What a polarity of a week. A time in which to be thankful for what we have and startling reminders of what is still missing. Two different people posted quotes from two well recognized Americans that I would like to share here. (If you just desire to read about snow and what we ate for Thanksgiving, scroll to the bottom. Look for the line of asterisk.)

The first is the proclamation setting up Thanksgiving by Abraham Lincoln in 1863. (it is lengthy but I didn’t want to crop it for fear of losing the sentiment of the whole.) And the second is a quote by Martin Luther King, Jr.

The year that is drawing towards its close, has been filled with the blessings of fruitful fields and healthful skies. To these bounties, which are so constantly enjoyed that we are prone to forget the source from which they come, others have been added, which are of so extraordinary a nature, that they cannot fail to penetrate and soften even the heart which is habitually insensible to the ever watchful providence of Almighty God. In the midst of a civil war of unequaled magnitude and severity, which has sometimes seemed to foreign States to invite and to provoke their aggression, peace has been preserved with all nations, order has been maintained, the laws have been respected and obeyed, and harmony has prevailed everywhere except in the theatre of military conflict; while that theatre has been greatly contracted by the advancing armies and navies of the Union. Needful diversions of wealth and of strength from the fields of peaceful industry to the national defence, have not arrested the plough, the shuttle or the ship; the axe has enlarged the borders of our settlements, and the mines, as well of iron and coal as of the precious metals, have yielded even more abundantly than heretofore. Population has steadily increased, notwithstanding the waste that has been made in the camp, the siege and the battle-field; and the country, rejoicing in the consiousness of augmented strength and vigor, is permitted to expect continuance of years with large increase of freedom. No human counsel hath devised nor hath any mortal hand worked out these great things. They are the gracious gifts of the Most High God, who, while dealing with us in anger for our sins, hath nevertheless remembered mercy. It has seemed to me fit and proper that they should be solemnly, reverently and gratefully acknowledged as with one heart and one voice by the whole American People. I do therefore invite my fellow citizens in every part of the United States, and also those who are at sea and those who are sojourning in foreign lands, to set apart and observe the last Thursday of November next, as a day of Thanksgiving and Praise to our beneficent Father who dwelleth in the Heavens. And I recommend to them that while offering up the ascriptions justly due to Him for such singular deliverances and blessings, they do also, with humble penitence for our national perverseness and disobedience, commend to His tender care all those who have become widows, orphans, mourners or sufferers in the lamentable civil strife in which we are unavoidably engaged, and fervently implore the interposition of the Almighty Hand to heal the wounds of the nation and to restore it as soon as may be consistent with the Divine purposes to the full enjoyment of peace, harmony, tranquillity and Union.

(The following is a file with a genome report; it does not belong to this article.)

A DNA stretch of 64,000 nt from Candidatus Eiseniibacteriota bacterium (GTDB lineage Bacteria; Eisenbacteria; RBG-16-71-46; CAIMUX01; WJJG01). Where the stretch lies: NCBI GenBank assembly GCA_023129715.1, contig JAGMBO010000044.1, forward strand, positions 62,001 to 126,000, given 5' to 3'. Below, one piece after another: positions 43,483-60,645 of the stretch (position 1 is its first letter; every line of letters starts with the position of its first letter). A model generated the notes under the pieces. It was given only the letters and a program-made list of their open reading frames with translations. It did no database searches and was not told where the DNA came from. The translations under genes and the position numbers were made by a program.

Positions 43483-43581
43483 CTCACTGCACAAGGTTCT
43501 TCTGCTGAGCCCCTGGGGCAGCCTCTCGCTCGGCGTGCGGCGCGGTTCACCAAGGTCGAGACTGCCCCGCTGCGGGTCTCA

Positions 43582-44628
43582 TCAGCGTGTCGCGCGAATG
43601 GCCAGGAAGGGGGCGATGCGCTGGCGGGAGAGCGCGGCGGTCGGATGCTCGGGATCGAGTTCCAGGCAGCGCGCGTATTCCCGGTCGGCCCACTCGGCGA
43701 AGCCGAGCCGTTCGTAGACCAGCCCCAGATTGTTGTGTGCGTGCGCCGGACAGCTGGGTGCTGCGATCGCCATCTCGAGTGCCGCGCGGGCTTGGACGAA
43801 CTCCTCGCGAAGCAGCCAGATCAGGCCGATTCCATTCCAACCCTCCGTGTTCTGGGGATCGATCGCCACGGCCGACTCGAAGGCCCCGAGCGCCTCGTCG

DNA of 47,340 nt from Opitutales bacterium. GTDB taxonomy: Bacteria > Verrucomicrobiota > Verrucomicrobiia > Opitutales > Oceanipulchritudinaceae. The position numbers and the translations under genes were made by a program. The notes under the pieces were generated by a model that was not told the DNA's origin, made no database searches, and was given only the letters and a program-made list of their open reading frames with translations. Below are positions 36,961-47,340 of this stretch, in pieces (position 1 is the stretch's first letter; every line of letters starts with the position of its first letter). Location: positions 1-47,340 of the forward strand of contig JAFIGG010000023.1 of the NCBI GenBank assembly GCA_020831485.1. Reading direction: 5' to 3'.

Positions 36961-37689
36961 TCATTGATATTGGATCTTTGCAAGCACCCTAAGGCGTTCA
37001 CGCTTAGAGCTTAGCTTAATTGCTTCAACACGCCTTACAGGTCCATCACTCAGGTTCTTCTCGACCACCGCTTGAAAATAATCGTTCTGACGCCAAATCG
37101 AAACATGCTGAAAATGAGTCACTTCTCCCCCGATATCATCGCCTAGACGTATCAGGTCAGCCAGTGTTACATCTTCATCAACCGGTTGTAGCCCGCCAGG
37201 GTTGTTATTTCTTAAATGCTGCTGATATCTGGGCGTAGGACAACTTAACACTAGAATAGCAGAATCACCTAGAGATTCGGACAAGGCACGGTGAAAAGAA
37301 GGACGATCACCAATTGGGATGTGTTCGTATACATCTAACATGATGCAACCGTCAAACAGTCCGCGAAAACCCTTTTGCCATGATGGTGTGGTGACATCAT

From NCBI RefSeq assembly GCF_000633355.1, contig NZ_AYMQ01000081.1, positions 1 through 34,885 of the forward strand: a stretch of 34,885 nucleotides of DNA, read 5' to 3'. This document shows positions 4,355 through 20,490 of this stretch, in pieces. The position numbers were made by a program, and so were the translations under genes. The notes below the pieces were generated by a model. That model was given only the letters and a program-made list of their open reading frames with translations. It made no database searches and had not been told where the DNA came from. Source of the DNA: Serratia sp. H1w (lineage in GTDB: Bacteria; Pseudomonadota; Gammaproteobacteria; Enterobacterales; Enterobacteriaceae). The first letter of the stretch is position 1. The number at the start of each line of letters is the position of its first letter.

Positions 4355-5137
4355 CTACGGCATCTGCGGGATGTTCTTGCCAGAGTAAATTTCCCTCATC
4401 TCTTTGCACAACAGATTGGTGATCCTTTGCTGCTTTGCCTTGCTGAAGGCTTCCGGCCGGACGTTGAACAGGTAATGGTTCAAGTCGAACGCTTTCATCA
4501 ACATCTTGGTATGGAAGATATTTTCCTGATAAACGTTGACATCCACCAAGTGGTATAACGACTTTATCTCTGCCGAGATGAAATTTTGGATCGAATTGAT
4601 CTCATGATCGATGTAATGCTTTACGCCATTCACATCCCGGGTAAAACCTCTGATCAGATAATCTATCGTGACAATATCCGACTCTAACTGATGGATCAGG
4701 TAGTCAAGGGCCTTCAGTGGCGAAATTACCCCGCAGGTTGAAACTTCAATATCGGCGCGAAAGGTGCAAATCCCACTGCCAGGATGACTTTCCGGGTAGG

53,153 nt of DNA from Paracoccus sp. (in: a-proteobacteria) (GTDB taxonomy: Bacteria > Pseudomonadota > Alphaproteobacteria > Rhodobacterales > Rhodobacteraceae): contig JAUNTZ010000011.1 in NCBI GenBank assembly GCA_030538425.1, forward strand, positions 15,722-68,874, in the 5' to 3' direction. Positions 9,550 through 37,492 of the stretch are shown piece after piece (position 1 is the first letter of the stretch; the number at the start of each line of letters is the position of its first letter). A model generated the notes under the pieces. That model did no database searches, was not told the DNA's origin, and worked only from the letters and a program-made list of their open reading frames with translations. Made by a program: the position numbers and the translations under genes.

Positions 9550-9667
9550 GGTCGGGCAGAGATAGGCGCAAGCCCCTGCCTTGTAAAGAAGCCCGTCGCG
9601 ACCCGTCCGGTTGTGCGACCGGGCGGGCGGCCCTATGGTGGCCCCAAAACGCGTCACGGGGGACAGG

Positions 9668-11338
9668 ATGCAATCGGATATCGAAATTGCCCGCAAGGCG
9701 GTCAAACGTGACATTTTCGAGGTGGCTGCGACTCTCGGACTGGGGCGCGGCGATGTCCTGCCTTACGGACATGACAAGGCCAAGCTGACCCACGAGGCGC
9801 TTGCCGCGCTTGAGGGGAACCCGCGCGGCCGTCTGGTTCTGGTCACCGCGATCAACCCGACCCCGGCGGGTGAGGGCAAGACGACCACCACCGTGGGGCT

MARTIN LUTHER KING, JR.’S PERSPECTIVE on rioting and social unrest in the 60s:

“Now I wanted to say something about the fact that we have lived over these last two or three summers with agony and we have seen our cities going up in flames. And I would be the first to say that I am still committed to militant, powerful, massive, non-violence as the most potent weapon in grappling with the problem from a direct action point of view. I’m absolutely convinced that a riot merely intensifies the fears of the white community while relieving the guilt. And I feel that we must always work with an effective, powerful weapon and method that brings about tangible results. But it is not enough for me to stand before you tonight and condemn riots. It would be morally irresponsible for me to do that without, at the same time, condemning the contingent, intolerable conditions that exist in our society. These conditions are the things that cause individuals to feel that they have no other alternative than to engage in violent rebellions to get attention. And I must say tonight that a riot is the language of the unheard. And what is it America has failed to hear? It has failed to hear that the plight of the negro poor has worsened over the last twelve or fifteen years. It has failed to hear that the promises of freedom and justice have not been met. And it has failed to hear that large segments of white society are more concerned about tranquility and the status quo than about justice and humanity.”